• enforces consistency by ensuring that services follow a standardized set of operational guidelines.

How to implement the microservices chassis pattern

To implement the microservices chassis patten, start by creating shared libraries for each cross-cutting concern associated with your services. Then, expose all of the functions related to those concerns using an API or other dedicated application component. This transfers all cross-cutting concerns to individual collections of reusable libraries that the services can access as needed.

It's possible that centralizing cross-cutting concerns may cause bottlenecks for services that share libraries. To avoid this, modifications to the service chassis should be rare so that dependencies are not likely to cause significant problems. If you start to notice problematic couplings and dependencies, go back and examine if the functional libraries you've exposed are adequately parsed.

Here are a few additional points to keep in mind when designing a microservices chassis:

  • Keep the chassis mechanism's code as lightweight as possible, looking carefully for any redundancies.
  • Move any unnecessary features to a separate archival library.
  • If the microservices architecture embodies multiple languages, consider using a sidecar proxy to mitigate the language-agnostic nature of the chassis.
  • Avoid testing the chassis repetitively unless you have significantly altered the underlying framework.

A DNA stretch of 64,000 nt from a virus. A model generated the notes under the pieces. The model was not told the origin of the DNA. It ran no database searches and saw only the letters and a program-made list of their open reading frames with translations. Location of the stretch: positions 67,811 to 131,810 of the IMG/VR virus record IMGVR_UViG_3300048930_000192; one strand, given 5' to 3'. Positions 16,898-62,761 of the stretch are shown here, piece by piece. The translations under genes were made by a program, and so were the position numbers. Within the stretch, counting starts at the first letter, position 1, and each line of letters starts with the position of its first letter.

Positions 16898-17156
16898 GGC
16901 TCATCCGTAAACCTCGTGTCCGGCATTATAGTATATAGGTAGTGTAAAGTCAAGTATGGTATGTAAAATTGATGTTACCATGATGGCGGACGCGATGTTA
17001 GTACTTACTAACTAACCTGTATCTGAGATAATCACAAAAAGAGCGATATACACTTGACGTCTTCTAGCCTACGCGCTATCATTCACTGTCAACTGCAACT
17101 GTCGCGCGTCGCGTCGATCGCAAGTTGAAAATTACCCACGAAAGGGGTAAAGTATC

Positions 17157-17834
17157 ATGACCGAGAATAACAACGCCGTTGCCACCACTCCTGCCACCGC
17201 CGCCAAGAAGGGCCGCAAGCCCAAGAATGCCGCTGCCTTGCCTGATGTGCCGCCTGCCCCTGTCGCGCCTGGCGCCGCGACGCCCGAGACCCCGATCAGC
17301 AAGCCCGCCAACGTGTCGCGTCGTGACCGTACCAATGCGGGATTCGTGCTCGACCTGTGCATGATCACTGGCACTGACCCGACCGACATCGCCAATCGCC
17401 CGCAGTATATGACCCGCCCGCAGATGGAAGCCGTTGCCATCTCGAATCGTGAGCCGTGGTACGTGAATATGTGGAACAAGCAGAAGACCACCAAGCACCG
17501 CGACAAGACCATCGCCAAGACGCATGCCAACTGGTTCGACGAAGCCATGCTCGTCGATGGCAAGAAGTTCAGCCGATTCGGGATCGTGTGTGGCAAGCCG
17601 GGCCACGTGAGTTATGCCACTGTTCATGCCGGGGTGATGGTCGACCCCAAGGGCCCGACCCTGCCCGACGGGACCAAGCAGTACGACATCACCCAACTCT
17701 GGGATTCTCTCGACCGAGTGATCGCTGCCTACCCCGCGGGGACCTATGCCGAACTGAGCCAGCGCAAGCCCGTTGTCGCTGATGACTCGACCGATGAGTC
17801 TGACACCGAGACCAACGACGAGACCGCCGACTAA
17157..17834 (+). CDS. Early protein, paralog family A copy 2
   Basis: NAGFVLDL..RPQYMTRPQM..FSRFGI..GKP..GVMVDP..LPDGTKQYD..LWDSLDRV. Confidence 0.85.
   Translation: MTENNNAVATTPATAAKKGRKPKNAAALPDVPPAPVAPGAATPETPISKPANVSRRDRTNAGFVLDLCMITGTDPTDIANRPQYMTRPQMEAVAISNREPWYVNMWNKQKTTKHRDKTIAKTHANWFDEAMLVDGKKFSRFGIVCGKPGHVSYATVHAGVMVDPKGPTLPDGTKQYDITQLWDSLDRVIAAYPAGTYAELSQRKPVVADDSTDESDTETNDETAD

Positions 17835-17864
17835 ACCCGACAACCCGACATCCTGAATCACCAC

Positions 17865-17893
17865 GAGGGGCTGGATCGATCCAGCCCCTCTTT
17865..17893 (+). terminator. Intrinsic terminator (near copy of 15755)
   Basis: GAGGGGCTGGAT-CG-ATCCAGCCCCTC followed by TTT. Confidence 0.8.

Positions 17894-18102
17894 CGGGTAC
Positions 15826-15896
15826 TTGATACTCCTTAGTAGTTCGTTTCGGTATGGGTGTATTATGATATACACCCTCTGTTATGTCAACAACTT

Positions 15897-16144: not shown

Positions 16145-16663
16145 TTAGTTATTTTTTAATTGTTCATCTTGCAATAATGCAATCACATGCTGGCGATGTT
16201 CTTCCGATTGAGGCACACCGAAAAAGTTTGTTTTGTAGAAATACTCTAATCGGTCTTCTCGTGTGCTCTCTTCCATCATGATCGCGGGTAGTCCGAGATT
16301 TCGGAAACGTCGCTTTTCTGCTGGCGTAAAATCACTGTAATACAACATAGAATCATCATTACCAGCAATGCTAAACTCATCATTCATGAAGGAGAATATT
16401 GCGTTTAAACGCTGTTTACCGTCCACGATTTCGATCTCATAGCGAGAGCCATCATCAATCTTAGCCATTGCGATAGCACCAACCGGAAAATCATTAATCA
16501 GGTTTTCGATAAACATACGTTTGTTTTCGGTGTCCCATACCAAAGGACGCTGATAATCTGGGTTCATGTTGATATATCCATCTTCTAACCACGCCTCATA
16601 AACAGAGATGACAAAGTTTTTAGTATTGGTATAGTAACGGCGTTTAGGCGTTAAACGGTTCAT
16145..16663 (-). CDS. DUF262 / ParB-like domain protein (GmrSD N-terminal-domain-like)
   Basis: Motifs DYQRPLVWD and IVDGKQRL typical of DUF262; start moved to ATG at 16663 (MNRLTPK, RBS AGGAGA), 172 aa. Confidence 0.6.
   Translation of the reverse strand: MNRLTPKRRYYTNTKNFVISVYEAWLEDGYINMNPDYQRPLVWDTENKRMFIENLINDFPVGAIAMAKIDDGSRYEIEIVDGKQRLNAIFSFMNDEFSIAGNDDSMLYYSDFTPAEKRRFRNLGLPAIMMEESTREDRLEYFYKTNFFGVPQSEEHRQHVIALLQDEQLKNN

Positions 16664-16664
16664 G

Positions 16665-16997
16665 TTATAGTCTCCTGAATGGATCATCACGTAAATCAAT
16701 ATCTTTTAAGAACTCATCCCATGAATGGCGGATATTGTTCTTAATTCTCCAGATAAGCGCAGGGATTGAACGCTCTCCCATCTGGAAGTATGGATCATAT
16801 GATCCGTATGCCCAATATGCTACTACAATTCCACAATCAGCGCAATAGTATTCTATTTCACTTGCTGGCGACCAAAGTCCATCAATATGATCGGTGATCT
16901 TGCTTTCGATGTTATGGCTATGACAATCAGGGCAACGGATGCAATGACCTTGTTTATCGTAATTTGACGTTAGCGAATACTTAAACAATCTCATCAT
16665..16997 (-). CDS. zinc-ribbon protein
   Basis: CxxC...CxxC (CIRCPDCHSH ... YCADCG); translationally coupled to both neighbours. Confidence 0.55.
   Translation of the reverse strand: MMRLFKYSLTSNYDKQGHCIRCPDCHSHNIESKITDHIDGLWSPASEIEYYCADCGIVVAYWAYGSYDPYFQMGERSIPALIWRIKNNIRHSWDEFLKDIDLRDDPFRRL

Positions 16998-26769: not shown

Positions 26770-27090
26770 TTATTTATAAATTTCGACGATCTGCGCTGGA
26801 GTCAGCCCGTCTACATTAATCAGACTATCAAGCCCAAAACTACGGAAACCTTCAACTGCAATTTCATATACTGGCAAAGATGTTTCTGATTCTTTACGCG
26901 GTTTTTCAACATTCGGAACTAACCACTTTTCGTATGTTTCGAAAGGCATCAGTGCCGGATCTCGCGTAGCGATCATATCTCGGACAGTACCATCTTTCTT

• Take care to ensure that the chassis framework does not introduce additional component couplings or dependencies that significantly impact the overall system.

From microservices chassis to service mesh

While they do provide some of the same operational benefits, it's not out of the question to use a service mesh and microservices chassis pattern in tandem. While the service mesh provides powerful support for things like authentication, load balancing and rules-based traffic routing, developers can simultaneously take advantage of the code-level management tasks that the chassis excels at, such as externalized configuration and health checks.

The service mesh can also help isolate deployments when creating new versions of a service, which enables developers to restrict the release of new versions to only a certain set of users or user types.

Downsides of the microservices chassis pattern

Building and implementing the microservices chassis mechanism imposes a notable amount of upfront work and costs, but the payoff is its ability to eliminate code duplication and optimize application performance. That said, there are some issues worth considering before you jump into adoption.

One downside of adopting a microservice chassis is that it is not typically language- or platform-agnostic. Often, developers need to implement one chassis mechanism for each language and platform used within a single microservices architecture. Although a microservices chassis does provide an elegant way to handle cross-cutting concerns for services written in the same language or deployed from the same platform, the potential requirement to create multiple chassis is a downside.

Another potential downside is that a team's overarching application development or deployment platform may already include many of the beneficial utilities provided by a microservices chassis pattern, especially in large-scale enterprise scenarios. For example, many existing deployment environments and platforms, such as AWS and CloudBees, readily handle things like service discovery. Likewise, today's service mesh tools often perform many of the network-related operations handled by a microservices chassis.